My purpose in this article is to investigate President Bush's Iraq war speeches as failed constitutive rhetoric. My study is guided by three overarching questions: (1) Why did Bush's speeches fail as constitutive rhetoric? (2) How did these speeches invoke or impose constraints on the American--Iraqi relationship in the form of what I shall call "constitutive paradoxes?" (3) What rhetorical opportunities are afforded by the failure of constitutive rhetoric? I will argue that, in the process of trying to create identification between Americans and Iraqis, making them partners in a democratic founding, Bush's discourse contributed to the emergence of conditions that were in many ways diametrically opposed to the democratic transformation he was promoting, creating several troubling constitutive paradoxes. The choice of the term "constitutive paradox" stems from the work of Kenneth Burke (1968). Burke writes that many attempts to define audiences as democratic, in effect reconstituting their identities, reveal "the paradox that these doctrines of progress contributed their part to usher in precisely the gloom they thought they were ushering out" (p. 331). In Iraq, as my analysis suggests, President Bush's rhetoric addressed Americans as givers of democracy and freedom and the people of Iraq as the recipients, a constitution that could only last so long as democratization made progress. More specifically, he addressed an audience of Iraqis that he believed was already consubstantial with the very identity he sought to call into existence, as if their identity was intrinsic to them, "existed prior to or served as the 'container' of their political community" (Charland, 2001, p. 68). In Iraq, however, the views of Shiites and Sunnis, in particular, were already "a rhetorical" or "ideological effect," as Charland (1987) might put it. These views held more ideological sway with most Iraqis than did the discourse of national identity proposed by Bush, which assumed the existence of a universal desire for democracy. Shiites and Sunnis could not simply be persuaded to shed preexisting views because "social identity, religious faith, sexuality, and ideology is beyond the realm of rational or even free choice, beyond the realm of persuasion" (Charland, 1987, p. 133). As Charland (1987) suggests, President Bush assumed and presumed the existence of a fundamental collective identity for his audiences, a kind of collective 'we'. In fact, the collective 'we' is a shifting formation: the identity of a reconstituted people, their borders and who counts as members of the new collective people are constantly contested and repositioned (Drzewiecka, 2002). Thus, when democratic progress slowed, in part because Shiites and Sunnis resisted the occupation, President Bush seemed compelled by his own prophetic dualism to intensify the American military and economic commitment. This renewed commitment made the Iraqis more dependent on the United States and expended American resources. But it did not necessarily make the situation better and in some ways made the situation worse (Ricks, 2006; Shadid, 2005). The deepening crisis demanded additional commitments--denying these commitments meant denying the American prophetic dualist identity. According to the Bush administration, withdrawing from Iraq would have enabled America's 'evil' enemies to prevail over the United States and its new Iraqi allies. As one administration official put it, a premature troop withdrawal amounted to "surrender," "defeat," and "a death sentence for the millions of Iraqis who voted for ... a free and democratic society" (quoted in Weisman & Williamson, 2007, p. 3A).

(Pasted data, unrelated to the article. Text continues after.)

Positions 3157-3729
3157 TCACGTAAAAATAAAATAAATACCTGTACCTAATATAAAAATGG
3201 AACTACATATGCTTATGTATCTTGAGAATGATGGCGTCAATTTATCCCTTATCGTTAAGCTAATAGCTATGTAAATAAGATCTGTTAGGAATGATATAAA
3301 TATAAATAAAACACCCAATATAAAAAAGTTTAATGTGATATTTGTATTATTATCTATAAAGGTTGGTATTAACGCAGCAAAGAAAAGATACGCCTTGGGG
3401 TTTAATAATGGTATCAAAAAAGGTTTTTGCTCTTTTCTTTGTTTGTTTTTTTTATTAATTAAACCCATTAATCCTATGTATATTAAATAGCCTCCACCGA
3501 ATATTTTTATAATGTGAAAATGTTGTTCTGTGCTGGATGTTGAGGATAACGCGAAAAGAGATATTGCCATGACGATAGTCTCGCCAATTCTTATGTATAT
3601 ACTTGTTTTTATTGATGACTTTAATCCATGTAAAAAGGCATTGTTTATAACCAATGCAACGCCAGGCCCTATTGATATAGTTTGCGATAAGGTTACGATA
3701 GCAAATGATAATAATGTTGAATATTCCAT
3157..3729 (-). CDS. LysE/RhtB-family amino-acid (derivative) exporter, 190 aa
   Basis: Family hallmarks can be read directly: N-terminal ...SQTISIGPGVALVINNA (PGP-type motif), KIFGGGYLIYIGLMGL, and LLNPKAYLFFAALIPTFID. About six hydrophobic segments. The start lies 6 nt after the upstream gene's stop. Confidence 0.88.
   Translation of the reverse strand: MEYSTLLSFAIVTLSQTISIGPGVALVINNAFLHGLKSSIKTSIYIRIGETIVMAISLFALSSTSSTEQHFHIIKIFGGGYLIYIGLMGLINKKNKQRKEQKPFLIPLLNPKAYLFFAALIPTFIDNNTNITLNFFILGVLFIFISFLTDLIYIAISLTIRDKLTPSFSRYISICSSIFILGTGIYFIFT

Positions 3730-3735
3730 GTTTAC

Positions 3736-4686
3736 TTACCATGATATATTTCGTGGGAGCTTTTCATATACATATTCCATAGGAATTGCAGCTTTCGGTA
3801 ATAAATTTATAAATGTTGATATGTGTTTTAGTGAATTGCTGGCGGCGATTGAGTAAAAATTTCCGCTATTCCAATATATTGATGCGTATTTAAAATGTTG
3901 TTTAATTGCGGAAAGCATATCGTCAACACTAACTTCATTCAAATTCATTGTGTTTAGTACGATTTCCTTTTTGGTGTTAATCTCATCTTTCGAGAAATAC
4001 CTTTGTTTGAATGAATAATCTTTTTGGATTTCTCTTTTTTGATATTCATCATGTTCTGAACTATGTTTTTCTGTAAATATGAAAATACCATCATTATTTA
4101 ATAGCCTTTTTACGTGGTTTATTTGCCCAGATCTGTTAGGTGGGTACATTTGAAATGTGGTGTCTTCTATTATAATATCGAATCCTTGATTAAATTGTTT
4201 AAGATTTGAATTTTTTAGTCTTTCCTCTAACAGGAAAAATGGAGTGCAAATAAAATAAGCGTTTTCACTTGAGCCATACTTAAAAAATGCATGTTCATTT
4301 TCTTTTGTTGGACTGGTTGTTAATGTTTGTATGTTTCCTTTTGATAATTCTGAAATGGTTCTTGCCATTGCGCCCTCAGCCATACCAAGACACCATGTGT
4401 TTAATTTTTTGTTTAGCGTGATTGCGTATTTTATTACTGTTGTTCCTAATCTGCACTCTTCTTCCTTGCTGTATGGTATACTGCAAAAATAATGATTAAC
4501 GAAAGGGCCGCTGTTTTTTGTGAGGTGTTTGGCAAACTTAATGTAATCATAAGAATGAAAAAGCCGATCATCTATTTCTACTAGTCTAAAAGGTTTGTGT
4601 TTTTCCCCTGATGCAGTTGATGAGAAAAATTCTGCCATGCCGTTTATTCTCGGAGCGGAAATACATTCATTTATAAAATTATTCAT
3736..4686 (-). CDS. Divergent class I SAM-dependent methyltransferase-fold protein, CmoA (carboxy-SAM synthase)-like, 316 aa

Rhetorical analysis of President Bush's speeches as failed constitutive rhetoric illustrates two significant points: first, as Judith Butler (1997) suggests, the emergence of a reconstituted and seemingly autonomous identity is rooted in paradox--becoming a subject is intricately bound up with being subjected to power. In Iraq, Bush rhetorically constituted the relationship between Americans and the Iraqis in such a manner that it denied the autonomy requisite for Iraqi self-determination. Moreover, by describing Iraqis as lacking the resources necessary for instituting democracy, his public address called attention to an irresolvable lack. The attempted and repeated fulfillment of this lack contributed to a culture of dependency from which it was (and remains) extremely difficult for the United States to extricate itself. Second, advocates must consider the competing worldviews of various audiences and understand how these identities impede and promote democratic transformation. The contradictions that arise between competing identities and the narratives that constitute them pose a tremendous challenge, especially to foreign policy rhetorics which seek to create founding moments. When Iraqis resisted President Bush's notion of an Iraqi democratic founding, he defined away the resistance within the confines of a prophetic dualist frame. This prevented him from adjusting or thinking 'reflexively' about this resistance and how it could be transformed into a rhetorical and political resource. As Noon (2004) demonstrates, President Bush's foreign policy discourse has always characterized the world in a simple, dualistic fashion that actually evades a critical engagement with history and the deeply rooted traditions of other countries. By 2006, this critical evasion (not to mention the escalating violence and lack of overall democratic progress in Iraq) led to rising discontent in the United States, opening what Tate (2006) calls "a rhetorical space" from which opponents in Iraq but also in America could contest the President's Iraq policy. In the United States, dissenters revised the prophetic dualist identity, although their resistance did not result in an immediate withdrawal of American troops from Iraq or seriously oppose the basic grounds of prophetic dualism.